(p. 137) No one will deny that Japan’s triumph in semiconductors depended on American inventions. But many analysts rush on to a further theory that the Japanese remained far behind the United States until the mid- 1970s and caught up only through a massive government program of industrial targeting of American inventions by MITI.
Perhaps the leading expert on the subject is Makoto Kikuchi, a twenty-six-year veteran of MITI laboratories, now director of the Sony Research Center. The creator of the first transistor made in Japan, he readily acknowledges the key role of American successes in fueling the advances in his own country: “Replicating someone else’s experiment, no matter how much painful effort it might take, is nothing compared with the sweat and anguish of the men who first made the discovery.”
Kikuchi explains: “No matter how many failures I had, I knew that somewhere in the world people had already succeeded in making a transistor. The first discoverers . . . had to continue their work, their long succession of failures, face-to-face with the despairing possibility that in the end they might never succeed. . . . As I fought my own battle with the transistor, I felt this lesson in my very bones.” Working at MITI’s labs, Kikuchi was deeply grateful for the technological targets offered by American inventors.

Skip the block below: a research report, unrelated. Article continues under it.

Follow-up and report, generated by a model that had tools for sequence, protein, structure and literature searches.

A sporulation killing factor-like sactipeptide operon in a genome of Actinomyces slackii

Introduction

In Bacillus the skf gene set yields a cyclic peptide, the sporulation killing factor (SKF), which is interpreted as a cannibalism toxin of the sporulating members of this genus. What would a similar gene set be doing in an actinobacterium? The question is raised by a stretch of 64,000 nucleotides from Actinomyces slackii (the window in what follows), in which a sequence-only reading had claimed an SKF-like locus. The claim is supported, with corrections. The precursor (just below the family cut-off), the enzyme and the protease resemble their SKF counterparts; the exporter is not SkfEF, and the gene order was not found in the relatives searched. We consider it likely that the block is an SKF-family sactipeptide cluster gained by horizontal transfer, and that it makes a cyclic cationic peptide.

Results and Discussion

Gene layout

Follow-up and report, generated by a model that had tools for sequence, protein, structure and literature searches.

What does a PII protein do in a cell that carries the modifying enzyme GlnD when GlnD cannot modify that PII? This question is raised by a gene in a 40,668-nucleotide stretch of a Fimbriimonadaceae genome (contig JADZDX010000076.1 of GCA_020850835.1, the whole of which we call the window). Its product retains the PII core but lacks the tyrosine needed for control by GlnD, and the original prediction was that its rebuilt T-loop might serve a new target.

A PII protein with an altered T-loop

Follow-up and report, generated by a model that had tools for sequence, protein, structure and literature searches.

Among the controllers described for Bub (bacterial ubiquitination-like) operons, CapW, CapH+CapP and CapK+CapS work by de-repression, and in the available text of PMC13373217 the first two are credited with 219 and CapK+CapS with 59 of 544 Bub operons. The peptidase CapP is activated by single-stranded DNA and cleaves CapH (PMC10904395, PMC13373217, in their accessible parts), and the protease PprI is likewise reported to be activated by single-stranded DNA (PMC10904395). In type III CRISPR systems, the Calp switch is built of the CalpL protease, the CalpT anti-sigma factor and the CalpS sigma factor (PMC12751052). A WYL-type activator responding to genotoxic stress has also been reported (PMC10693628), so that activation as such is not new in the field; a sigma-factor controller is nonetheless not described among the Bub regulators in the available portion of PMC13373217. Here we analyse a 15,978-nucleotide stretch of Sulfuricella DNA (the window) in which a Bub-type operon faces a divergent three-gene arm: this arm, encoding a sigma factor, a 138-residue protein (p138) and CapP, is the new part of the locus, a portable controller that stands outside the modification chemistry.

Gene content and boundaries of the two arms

Gilder, George. Microcosm: The Quantum Revolution in Economics and Technology. Paperback ed. New York: Touchstone, 1990.
(Note: ellipses in original.)